August 21, 2015

899 words 5 mins read

Electricity as a shower (Understanding Volts and Amps)

Normally electricity and water don’t mix, however today we’re just talking analogies. When working with electronics, it’s very common to see questions along the lines of “My project requires X volts, is it okay to use Y power source” or “My Raspberry Pi requires 1 amp, will a 2 amp power supply burn it out?". If you don’t know electricity, this makes perfect sense to ask. Rather than answer specific questions, how about an analogy?

Pretend for a moment that you’re taking a shower. You have your shower pressure (how fast it’s coming out of the shower head) which is voltage. Like any shower, there is a perfect water pressure, the shower comes out just so and makes for a wonderfully cleansing experience. Now, sometimes the water pressure varies a little bit and it’s not a big deal. However, at a certain point if the pressure gets to low, its just a trickle of water out of the faucet — no good. Or maybe it gets too high and the jets of water sting you (if you’ve got a traditional shower, not one of those fancy “rain” showers) or water starts to go everywhere.

power supply
It is the same thing for voltage. If you take a look at the specs sheet for an ATmega328P (the chip in the Arduino Uno) you’ll see that it’s rated for 1.8 — 5.5 volts, which is a decent range. If you provide it a nice 3.6 volts, right in the middle, it’ll be happy as a clam and have space for the voltage to go lower or higher on either side. If you take a look at most power supplies around your house, you’ll see something like 100-240v; it’s a big range but they’re designed to work properly for both 110v AC outlets (like in the USA) and 220v AC outlets (like they have in the UK). Remember though, electronics can’t “get out of the shower” in our analogy, so if you apply too much voltage to them — you’ll probably fry the gear. So keep your voltages in the specified range.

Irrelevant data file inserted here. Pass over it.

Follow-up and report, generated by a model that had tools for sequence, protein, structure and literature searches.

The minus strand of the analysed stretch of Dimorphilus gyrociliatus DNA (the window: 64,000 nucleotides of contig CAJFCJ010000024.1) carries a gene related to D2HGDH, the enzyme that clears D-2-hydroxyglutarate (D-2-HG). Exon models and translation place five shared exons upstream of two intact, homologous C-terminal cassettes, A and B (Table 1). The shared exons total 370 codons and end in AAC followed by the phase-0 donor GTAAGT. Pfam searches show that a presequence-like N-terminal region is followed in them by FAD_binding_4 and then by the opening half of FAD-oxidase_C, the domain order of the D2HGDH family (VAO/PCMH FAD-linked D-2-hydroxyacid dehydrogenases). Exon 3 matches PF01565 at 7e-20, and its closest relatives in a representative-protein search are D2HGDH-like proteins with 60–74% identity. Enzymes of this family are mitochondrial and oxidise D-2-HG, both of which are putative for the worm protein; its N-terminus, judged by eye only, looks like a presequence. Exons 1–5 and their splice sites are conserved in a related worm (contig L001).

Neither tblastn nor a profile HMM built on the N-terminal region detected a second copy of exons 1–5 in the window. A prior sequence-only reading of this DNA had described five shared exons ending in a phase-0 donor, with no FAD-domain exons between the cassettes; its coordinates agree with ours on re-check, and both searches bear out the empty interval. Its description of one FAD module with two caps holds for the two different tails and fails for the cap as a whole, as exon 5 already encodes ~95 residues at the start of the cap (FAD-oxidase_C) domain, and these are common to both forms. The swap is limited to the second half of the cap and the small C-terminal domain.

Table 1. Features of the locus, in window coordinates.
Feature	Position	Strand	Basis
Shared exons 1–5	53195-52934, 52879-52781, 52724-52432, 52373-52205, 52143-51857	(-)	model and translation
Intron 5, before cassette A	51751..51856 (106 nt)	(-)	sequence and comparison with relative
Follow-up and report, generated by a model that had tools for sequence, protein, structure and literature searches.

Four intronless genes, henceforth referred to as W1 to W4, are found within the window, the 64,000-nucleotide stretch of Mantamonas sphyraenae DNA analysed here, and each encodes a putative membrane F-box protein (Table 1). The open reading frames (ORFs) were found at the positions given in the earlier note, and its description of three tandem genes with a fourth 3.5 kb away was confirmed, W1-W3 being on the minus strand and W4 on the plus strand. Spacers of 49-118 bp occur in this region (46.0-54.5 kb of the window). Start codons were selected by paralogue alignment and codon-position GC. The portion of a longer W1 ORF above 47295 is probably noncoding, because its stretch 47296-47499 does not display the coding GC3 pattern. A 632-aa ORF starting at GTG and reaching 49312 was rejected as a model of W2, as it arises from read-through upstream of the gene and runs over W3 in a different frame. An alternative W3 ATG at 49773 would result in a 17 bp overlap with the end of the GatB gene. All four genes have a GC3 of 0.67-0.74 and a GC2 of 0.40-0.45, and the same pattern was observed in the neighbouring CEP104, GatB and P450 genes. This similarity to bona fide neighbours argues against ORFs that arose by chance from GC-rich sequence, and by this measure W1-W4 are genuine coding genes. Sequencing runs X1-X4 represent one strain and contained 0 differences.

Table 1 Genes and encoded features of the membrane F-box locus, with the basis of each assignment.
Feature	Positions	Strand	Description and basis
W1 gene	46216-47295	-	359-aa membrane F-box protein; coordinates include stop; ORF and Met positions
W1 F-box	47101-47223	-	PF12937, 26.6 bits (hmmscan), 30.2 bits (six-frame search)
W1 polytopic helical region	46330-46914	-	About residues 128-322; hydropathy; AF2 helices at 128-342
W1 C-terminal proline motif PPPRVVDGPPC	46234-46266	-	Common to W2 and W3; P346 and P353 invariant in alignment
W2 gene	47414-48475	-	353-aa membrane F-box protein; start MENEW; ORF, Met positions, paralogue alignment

ely water tower
What about Amperage? That’s like the amount of water you have for your shower. Normally your house has a supply in gallons per minute, lets say 10 gallons/per minute. Your shower, we’ll say, uses 5 gallons per minute. So you’re set, perfect shower. What if you retrofit your bathroom to have showers on both sides, each using 5 gallons a minute. 2 * 5 gal = 10 gallons — you’re perfect! Ah, but now you use your double shower AND flush the toilet, suddenly things don’t work so well. Your toilet needed water too and you used more than the 10 gallons per minute your house can support. Maybe a shower stopped for a second, maybe the water went cold, maybe it just sputtered. Either way when you’re done playing in the shower and turn it off, the water is still there available to use, no harm.

Back to electronics — you may have a power supply that provides 5 volts and 2 amps. If your Raspberry Pi only requires 1 amp, you’re perfect. You even have 1 amp left over that you could direct to something else like LEDs. As long as the total “draw” of all the items doesn’t go over the 2 amps that your power supply provides, you’re golden. Keep in mind that most devices have a “peak current” measured in amps. A Raspberry Pi may normally only require 500mA (500 milliamps, or half an amp), but could spike up to 1.5 amps if taxed hard. Often times you can google this information, if it’s not already listed in the spec sheet. The safest thing is to spec your power requirements for ALL your devices’ peak current usage.

Screen Shot 2015-08-21 at 4.48.29 PM
So what about being on batteries? Same concept, just you need to do the math for your storage tank. Now you’re taking a shower in an RV, and it has a 100 gallon tank. You’re 5 gallon a minute shower will be supported for 20 minutes, before you run out of water. If you turn off the shower after 2 minutes, you’ll still have 90 gallons left in the tank. Batteries also have a maximum rate at which you can siphon off power and this is the one place where the shower metaphor breaks down. Take the newest generation of Eneloop AA rechargeable batteries, the spec sheet for these BK-3MCC indicates that you can draw up to 6000mA. The real catch, if you look at the charts, is that the more amperage you pull, the less efficient the battery gets (and therefore the less power you get out of it). This is true for all batteries, so if the exact length of battery life is critical, check the spec sheets before you buy.

So there you go. It’s not a perfect analogy but if you understand the basics of how a shower works, you should now understand the basics of powering your electronics. If you’re the “tl;dr” type, here’s the short version: Voltage must be correct (or very close), Amperage you can safely have more.

Update: John, the editor, let me know that he recently read “The Manga Guide to Electricity". He noted that the book used a nearly identical analogy to what I used here, so the manga maybe of interest to those readers whom are more graphically oriented.